WHFB for Dummies: Hammer and Anvil


The Hammer and Anvil technique is probably one of the most common strategies to playing WHFB.  The basic principle is this, you have a resilient unit (anvil) and a powerful unit (hammer).  The enemy charges into the anvil, then the hammer counter charges in and wins the day.  Sounds simple enough, but how does it work in practice? First of all, what is an Anvil unit?  In 8th edition, this is basically any steadfast unit in BSB range, or is unbreakable.  Having a block of troops which the enemy can't break in a turn is key to this strategy.  They frequently act as the bait, and your positioning should force the enemy to not have any decent charges except to hit your anvil.  A canny opponent will avoid this at all costs, but when it looks like charge or be charged, most people will take the bait.  Examples include Empire flagellants, clanrats ranked up 5-wide (and very deep), or Dwarf Hammerers.

Second, we need to know what a good hammer is.  This is basically a unit which will do a disproportionately high amount of damage, though may not be as survivable.  Ideally, this unit is fast enough to maneuver up the side of a battle line, to get lovely flank charges.  Hitting the flank means that they are getting less attacks put against them, thus helping their survival.  Good examples of hammer units are Swordmasters, Bestigors or Savage Orc Big 'Uns.

Now, there are a couple ways to execute a good hammer/anvil.

The first method I talked about a bit in my Combat Cavalry article.  Basically, use a fast unit of hard hitting knights (such as Dragon Knights) to maneuver to the flank of an enemy.  The enemy is stuck with either attempting to charge your anvil and break through, or face a charge from both units at once.  Nobody likes being in position, but most people will attempt to charge your anvil.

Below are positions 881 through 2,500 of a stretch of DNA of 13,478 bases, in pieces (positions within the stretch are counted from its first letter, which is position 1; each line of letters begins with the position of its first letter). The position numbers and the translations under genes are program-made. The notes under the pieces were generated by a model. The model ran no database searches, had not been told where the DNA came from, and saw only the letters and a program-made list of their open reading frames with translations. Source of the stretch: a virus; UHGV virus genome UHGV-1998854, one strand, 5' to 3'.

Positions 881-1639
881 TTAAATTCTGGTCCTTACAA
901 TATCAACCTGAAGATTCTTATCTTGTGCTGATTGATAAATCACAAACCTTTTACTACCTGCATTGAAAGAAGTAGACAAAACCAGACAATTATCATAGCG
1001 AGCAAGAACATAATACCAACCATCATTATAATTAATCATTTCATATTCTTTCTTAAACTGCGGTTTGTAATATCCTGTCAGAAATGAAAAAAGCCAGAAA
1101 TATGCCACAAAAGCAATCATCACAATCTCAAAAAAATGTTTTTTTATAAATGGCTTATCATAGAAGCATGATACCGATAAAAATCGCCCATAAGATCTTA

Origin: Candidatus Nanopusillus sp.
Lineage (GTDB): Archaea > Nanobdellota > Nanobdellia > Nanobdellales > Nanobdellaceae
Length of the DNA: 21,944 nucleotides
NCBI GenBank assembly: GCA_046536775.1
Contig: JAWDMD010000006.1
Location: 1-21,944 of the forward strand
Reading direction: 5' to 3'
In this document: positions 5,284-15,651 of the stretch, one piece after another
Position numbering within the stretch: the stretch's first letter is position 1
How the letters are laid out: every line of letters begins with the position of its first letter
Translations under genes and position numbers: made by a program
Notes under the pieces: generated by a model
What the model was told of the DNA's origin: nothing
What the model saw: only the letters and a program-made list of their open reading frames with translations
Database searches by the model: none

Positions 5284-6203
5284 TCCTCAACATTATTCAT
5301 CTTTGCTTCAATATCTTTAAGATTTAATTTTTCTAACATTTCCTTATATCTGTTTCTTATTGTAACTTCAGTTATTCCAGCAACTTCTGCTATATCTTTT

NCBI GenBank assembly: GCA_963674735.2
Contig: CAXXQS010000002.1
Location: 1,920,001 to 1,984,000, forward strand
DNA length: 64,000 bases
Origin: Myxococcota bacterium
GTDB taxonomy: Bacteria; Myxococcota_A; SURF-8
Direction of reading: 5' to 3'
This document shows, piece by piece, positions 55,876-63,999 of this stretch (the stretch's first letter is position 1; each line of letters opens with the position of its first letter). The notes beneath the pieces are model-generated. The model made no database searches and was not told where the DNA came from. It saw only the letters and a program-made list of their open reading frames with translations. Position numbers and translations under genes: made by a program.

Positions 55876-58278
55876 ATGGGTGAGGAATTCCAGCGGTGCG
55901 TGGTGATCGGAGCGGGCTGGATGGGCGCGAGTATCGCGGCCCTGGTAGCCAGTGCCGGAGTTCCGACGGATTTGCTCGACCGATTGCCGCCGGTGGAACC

The second method is how to handle the same situation without cavalry.  As the enemy gets closer to you, start rotating your unit (similar to the above picture) so that when they charge, they will leave their flank exposed to the hammer.  The downside to non-cavalry hammer units is that they are more likely to be caught off guard and charged by an opponent that doesn't take your anvil-bait.

Other tricks:

There is more than one way to get Steadfast.  Having a unit of 50 Clanrats, deployed 5-wide and 10-deep is totally giving away your strategy to the opponent, they know what that unit is for.  There is a common magic item called the Crown of Command, and I love using it.  Basically the idea is to give it to a character in a unit that appears to be a poorly supported unit, so for me, it's my Beastlord in a unit of 39 Gors.  They don't look very intimidating and many opponents will out-rank it, so many people charge it assuming it will break.  When I tell them I'm stubborn with the crown, and they realize they just left their flank open to a charge from Bestigors, their morale tends to sink a bit, even after killing 20 odd gors.

Since deep ranks are so easily recognized as "I'm not going to run" try to find units which wont run due to their own rules and upgrades, it always catches people off guard, even in open list tournaments.

Thanks for reading, I hope that I'm helping your game!

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